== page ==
With the Governments announcement of moving back to level 2 and advice on wearing face coverings, Driving Creek is encouraging all people visiting us to wear a face covering. We will also be limiting the number of people and separate groups on our tours so we can maintain physical distancing rules.

We kindly ask that you do not come to Driving Creek if you are sick or have any symptoms of COVID-19, follow good hygiene practices, wear a face covering if you are able and adhere to any advice given by the Government.

Barry Brickell

Driving Creek founder, Barry Brickell born in New Plymouth in 1935, was the first born of four siblings. At an early age Barry and his family moved to Auckland, settling in Devonport.

Early in life Barry had a keen interest in coal-fired gasworks, brickworks, foundries and railways, particularly steam locomotives. At High School he had a fascination for Chemistry and Physics that later led him to completing a science degree in 1960 from Auckland University.

At age 13 years whilst at High School he was introduced to potter Len Castle sparking a lifetime interest in pottery.

Following university Barry moved to Coromandel town to take up a school teaching position, a short-lived pursuit lasting only a few months. So in 1961 Barry reverted to his old hobby of making pottery and quickly became a successful fulltime potter purchasing his first property, 90 Driving Creek Road, in Coromandel.

In 1974 he purchased the adjacent 24-hectare property, 380 Driving Creek Road, the present location of the Driving Creek Railway and Pottery.

Ironically it was initially Barry’s art that was responsible for funding the early part of the railway construction and conservation works, then as the tourist railway grew in popularity it was the railway funding Barry’s interests in art and conservation.

Barry was one of the first two people in New Zealand to make a Iiving out of pottery, hand-made pottery from his own wheel. It started as a hobby right through secondary school when he first had kilns and learned to throw pots. He had a reputation as a potter during varsity and training college days, so it wasn’t hard for him to make a living from it.

Courtney Johnston, Director of the Dowse Art Museum, when writing about Barry’s artwork states, “Barry’s pots were marked by a unique sensibility, a blend of rugged materiality, understanding of place and wit. From everyday mugs to the statuesque Spiro morphs to his clay murals, Barry’s work draws its power from his interest in the process of making – ‘not the thing but the how’ as Barry would say”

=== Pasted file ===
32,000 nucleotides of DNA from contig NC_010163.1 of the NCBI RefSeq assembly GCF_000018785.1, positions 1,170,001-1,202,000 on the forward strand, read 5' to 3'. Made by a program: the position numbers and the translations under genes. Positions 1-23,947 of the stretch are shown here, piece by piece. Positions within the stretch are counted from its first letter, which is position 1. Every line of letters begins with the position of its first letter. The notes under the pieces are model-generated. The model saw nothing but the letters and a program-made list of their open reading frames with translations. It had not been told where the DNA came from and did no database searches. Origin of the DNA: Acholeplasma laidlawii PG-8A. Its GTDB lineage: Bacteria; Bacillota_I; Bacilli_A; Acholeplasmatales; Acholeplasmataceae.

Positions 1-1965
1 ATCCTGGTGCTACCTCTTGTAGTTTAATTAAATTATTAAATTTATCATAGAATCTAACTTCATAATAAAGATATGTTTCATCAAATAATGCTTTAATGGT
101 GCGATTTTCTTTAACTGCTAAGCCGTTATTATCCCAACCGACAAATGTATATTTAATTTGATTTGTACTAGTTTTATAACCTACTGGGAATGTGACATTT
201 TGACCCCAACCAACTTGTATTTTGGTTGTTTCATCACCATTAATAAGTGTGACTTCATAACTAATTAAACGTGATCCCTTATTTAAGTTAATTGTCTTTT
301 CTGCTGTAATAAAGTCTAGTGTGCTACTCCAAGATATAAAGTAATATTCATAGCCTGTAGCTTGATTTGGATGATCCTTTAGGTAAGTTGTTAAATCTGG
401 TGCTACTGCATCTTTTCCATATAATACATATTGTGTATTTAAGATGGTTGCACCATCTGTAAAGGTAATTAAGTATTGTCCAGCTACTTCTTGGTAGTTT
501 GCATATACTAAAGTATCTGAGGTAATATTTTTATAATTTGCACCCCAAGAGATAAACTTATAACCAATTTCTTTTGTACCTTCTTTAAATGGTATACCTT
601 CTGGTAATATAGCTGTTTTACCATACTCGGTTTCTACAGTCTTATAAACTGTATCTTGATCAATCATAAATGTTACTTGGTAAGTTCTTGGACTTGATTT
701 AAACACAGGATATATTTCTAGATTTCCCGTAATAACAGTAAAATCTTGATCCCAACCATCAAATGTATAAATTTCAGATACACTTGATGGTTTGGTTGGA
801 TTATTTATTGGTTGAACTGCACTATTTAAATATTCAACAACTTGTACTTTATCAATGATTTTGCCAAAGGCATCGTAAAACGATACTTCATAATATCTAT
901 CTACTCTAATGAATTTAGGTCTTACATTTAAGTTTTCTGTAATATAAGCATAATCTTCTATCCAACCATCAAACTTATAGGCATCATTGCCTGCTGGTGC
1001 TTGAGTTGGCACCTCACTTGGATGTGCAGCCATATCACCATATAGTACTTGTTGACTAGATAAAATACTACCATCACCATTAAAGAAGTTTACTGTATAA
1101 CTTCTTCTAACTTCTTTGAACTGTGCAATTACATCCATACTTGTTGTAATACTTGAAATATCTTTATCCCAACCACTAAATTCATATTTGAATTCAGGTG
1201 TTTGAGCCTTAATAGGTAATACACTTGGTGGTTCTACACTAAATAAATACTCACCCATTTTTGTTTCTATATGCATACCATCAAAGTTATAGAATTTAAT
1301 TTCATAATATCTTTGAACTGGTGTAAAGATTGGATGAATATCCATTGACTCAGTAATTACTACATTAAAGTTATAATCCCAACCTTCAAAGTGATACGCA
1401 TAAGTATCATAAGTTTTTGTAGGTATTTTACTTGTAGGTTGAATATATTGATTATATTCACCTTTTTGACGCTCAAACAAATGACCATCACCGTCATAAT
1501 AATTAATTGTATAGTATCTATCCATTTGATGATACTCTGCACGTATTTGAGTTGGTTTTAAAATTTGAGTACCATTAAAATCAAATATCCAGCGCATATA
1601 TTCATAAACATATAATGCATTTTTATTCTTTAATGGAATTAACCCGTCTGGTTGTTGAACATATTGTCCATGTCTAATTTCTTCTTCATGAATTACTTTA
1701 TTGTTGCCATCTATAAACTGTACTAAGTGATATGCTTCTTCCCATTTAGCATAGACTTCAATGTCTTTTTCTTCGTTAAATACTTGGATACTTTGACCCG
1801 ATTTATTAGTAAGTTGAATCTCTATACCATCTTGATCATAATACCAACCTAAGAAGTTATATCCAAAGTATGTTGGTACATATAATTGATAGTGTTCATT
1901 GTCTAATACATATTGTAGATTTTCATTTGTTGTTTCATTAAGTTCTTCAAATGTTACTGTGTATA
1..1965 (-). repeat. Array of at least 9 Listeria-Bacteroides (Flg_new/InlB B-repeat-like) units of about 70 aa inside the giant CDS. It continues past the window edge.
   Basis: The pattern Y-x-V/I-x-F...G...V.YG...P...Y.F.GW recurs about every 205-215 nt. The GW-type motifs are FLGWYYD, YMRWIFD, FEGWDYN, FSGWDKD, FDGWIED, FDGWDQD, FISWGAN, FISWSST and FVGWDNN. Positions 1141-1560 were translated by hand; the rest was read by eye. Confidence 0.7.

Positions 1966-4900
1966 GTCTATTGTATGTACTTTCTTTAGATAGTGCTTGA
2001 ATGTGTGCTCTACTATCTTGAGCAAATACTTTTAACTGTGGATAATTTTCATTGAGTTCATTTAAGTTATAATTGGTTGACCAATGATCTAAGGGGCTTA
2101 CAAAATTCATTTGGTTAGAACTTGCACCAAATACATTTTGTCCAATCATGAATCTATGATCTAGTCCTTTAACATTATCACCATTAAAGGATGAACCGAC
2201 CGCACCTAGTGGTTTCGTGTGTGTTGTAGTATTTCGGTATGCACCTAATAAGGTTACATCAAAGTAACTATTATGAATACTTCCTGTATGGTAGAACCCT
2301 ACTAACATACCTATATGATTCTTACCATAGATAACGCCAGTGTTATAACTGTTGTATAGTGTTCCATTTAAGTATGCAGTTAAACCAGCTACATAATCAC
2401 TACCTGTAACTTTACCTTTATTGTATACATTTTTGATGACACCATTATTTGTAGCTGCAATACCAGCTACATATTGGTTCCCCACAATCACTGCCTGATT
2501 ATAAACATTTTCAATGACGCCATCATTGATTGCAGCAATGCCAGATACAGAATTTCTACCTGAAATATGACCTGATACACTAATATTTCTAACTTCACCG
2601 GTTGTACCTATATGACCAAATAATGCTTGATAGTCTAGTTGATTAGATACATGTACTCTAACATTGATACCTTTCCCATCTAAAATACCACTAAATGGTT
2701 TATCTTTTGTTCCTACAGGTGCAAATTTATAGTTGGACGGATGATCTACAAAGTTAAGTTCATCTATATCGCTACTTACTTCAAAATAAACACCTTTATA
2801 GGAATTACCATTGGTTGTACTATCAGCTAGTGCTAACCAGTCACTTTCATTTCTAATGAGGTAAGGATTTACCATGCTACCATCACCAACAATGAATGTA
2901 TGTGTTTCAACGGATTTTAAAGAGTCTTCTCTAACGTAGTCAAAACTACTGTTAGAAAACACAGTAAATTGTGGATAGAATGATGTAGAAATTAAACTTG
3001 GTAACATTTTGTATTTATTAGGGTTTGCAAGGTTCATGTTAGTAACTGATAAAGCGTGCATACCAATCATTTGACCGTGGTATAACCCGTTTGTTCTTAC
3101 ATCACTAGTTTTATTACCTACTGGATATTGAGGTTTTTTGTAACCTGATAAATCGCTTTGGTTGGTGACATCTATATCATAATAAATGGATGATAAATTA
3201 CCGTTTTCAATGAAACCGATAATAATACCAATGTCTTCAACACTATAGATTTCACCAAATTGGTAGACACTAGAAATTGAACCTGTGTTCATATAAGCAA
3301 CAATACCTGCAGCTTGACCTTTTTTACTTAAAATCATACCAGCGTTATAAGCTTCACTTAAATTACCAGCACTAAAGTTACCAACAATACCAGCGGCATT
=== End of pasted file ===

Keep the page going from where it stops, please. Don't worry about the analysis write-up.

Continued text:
Over his lifetime Barry sold thousands of pottery and ceramic objects, including many sculptures and murals, wrote several books, and painted numerous works of art.

Barry was well versed in New Zealand history, with a special interest in Maori culture and native flora and fauna.

In 1994 Barry registered a covenant with QEII Trust over the Driving Creek Railway property and added a second covenant over the 1.6-hectare predator-proof fenced wildlife sanctuary area in 2005.

Barry Brickell died on 23rd January 2016 at Driving Creek aged 80 years.

Barry is buried at Driving Creek at a site he had selected surrounded by his native trees overlooking the railway.

During his life Barry wrote several books and small publications, including ‘A New Zealand Potters’ Dictionary’ (1985) and ‘Rails toward the Sky’ (2011). In 1996 Christine Leov-Lealand published the biography ‘Barry Brickell: A Head of Steam’. In 2013 Auckland University Press published the book ‘His Own Steam: The Work of Barry Brickell’.

In the 1988 New Year Honours list Barry was appointed an Officer of the British Empire for his services to pottery and ceramics.